# Basic, Acidic, or Neutral

1. Sep 27, 2004

### nautica

Will the following if dissolved in water make it Acidic, Basic, or nuetral???

NaBr - Nuetral, b/c there is no proton donor or acceptor??

NH4Cl - This is a proton donor so it will make solution basic???

(Ch3)4NCl - This is an electron acceptor so it will make solution basic???

CH3CO2Na - This is an electron donor so it will make solution acidic???

Do these sound right or is my thinking backwards???

Thanks
Nautica

2. Sep 27, 2004

### chem_tr

You are definitely thinking backwards, except your "neutral" reasoning. If you need more help, just ask.

Last edited: Sep 27, 2004
3. Sep 28, 2004

### poolwin2001

You should consider hydrolysis of the salts .You are way off the mark
regards
poolwin2001

4. Sep 28, 2004

### nautica

Yes, I was definately off the mark

NH4Cl + HOH ----- H3O + Cl will be acidic

(CH3)4NCl + HOH --------- I believe this will be nuetral

CH3CO2Na + HOH -------- I believe this is also going to be nuetral

5. Sep 28, 2004

### poolwin2001

$$Ch_3COONa$$Think again
Logically,$$CH_3COOH$$is a weak acid and $$NaOH$$is a strong base.SO How should their salt behave?
regards
poolwin2001

6. Sep 28, 2004

### nautica

So, are you saying that since Ch3COONa is the conjugate base of CH3COOH, then it will make the solution basic??? Does it do that by accepting an H from HOH and leaving OH- in solution???

thanks

7. Sep 28, 2004

### chem_tr

Hello

Tetramethylammonium chloride is produced from tetramethylammonium hydroxide and hydrochloric acid. The base is way weak than sodium hydroxide, so the salt should be acidic when hydrolyzed.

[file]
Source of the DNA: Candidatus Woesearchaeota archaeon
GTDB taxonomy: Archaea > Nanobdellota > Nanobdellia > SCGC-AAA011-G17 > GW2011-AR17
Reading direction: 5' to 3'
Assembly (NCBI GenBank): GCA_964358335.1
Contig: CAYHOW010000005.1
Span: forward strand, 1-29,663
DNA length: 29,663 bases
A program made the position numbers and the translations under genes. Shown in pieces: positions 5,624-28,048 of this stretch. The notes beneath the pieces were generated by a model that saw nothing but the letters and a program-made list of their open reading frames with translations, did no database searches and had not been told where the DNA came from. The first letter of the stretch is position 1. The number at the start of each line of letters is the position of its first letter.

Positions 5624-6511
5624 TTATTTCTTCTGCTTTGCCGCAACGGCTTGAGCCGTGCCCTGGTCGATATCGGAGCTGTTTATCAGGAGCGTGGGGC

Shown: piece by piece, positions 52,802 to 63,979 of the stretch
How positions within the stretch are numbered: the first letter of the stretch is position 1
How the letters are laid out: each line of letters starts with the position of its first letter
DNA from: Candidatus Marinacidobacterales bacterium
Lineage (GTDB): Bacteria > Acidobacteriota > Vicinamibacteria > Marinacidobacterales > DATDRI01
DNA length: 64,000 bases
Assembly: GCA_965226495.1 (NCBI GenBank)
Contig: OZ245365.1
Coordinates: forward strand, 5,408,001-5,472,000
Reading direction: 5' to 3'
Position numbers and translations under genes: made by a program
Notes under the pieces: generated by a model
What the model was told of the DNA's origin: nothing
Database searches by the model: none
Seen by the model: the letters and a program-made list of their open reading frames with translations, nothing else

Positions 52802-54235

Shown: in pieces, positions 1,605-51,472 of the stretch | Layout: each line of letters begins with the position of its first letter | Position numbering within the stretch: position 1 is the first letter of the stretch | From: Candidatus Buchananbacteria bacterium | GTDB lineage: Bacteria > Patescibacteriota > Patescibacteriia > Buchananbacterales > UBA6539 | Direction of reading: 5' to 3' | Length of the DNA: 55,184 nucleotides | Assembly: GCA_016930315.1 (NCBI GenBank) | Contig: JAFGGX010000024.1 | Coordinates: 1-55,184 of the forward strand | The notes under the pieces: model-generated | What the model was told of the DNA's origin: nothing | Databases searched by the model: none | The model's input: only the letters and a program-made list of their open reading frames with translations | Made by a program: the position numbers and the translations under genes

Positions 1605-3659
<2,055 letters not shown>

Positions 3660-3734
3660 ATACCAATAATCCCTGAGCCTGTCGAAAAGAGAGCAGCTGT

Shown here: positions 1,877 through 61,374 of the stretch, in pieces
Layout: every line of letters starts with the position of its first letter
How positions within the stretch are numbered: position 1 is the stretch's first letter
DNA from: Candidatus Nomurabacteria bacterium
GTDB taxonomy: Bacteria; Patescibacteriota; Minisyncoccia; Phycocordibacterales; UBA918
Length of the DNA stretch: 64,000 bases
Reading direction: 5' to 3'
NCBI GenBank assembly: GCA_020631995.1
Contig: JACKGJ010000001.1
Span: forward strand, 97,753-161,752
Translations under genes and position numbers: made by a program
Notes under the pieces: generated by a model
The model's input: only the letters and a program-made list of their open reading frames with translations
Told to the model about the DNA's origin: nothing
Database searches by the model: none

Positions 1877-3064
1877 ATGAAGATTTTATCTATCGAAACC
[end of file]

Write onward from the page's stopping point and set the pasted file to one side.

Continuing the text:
In sodium acetate, it converts to sodium hydroxide and acetic acid upon hydrolysis.

8. Sep 28, 2004

### movies

I think that the tetramethylammonium chloride one will be neutral. Cl- is too weak a base to significantly deprotonate water and tetramethylammonium ions are hardly acidic at all.

9. Sep 28, 2004

### chem_tr

I don't think so, dear Movies. Please look at the hydrolysis equation: An acid/base pair occurs, and please compare the relative powers. Tetramethylammonium hydroxide is a powerful base for non-aquatic systems, that's correct. But we are in an aqueous solution, so the base should not be that powerful. Am I thinking correctly?

$$Me_4N^+Cl^- + H_2O \leftrightharpoons Me_4N^+OH^- + HCl$$

Last edited: Sep 28, 2004
10. Sep 28, 2004

### nautica

So since the HCl is a stronger acid than the base in solution the overall ph of solution will go down??

11. Sep 28, 2004

### chem_tr

Yes, I think so, since hydrolysis causes smaller inorganic molecules to go out. It is the preferred way already.

12. Sep 28, 2004

### movies

When in doubt, try it.

I found a bottle of tetramethylammonium chloride and made up a solution of it. The pH of the deionized water in our lab is 6 and the pH of the tetramethylammoium chloride solution was 6 as well.

In aqueous solutions ions like Cl- and Me4N+ will be completely dissociated, but there is no impetus for the dissociation of water in this case. Tetramethylammonium hydroxide would be a strong base in aqueous solution as it would be in an organic solution. The same is true for HCl. The equilibrium that you drew above is certainly a valid one, but the equilibrium is almost certainly shifted almost entirely to the left because on the right you have a strong acid (HCl) with a strong base (OH-).

Does this make sense?

13. Sep 29, 2004

### chem_tr

Yes, this makes sense. If you keep the solution for a period there might be some differences in pH. You are right about the beginning; but since hydrochloric acid is an inorganic molecule, and all systems favor inorganic molecules to go out so that the overall yield can be greater, I think the overall pH would be -at least- slightly lower than 6. Hydrolysis is inevitable; old solutions of lead(II) nitrate always contain some precipitates of lead(II) hydroxide, so we put some nitric acid to avoid precipitations.

To sum up, until the equilibrium belonging to tetramethylammonium chloride in aueous solution is reached, the pH will seem to be neutral, after that, I presume that it will be acidic.

Thank you for your feedback, chem_tr

14. Sep 29, 2004

### nautica

Okay, Just to get my original question straight, check me

NaBr - Nuetral

NH4Cl - Acidic

(Ch3)4NCl - Nuetral

CH3CO2Na - Basic

thanks
Nautica

15. Sep 29, 2004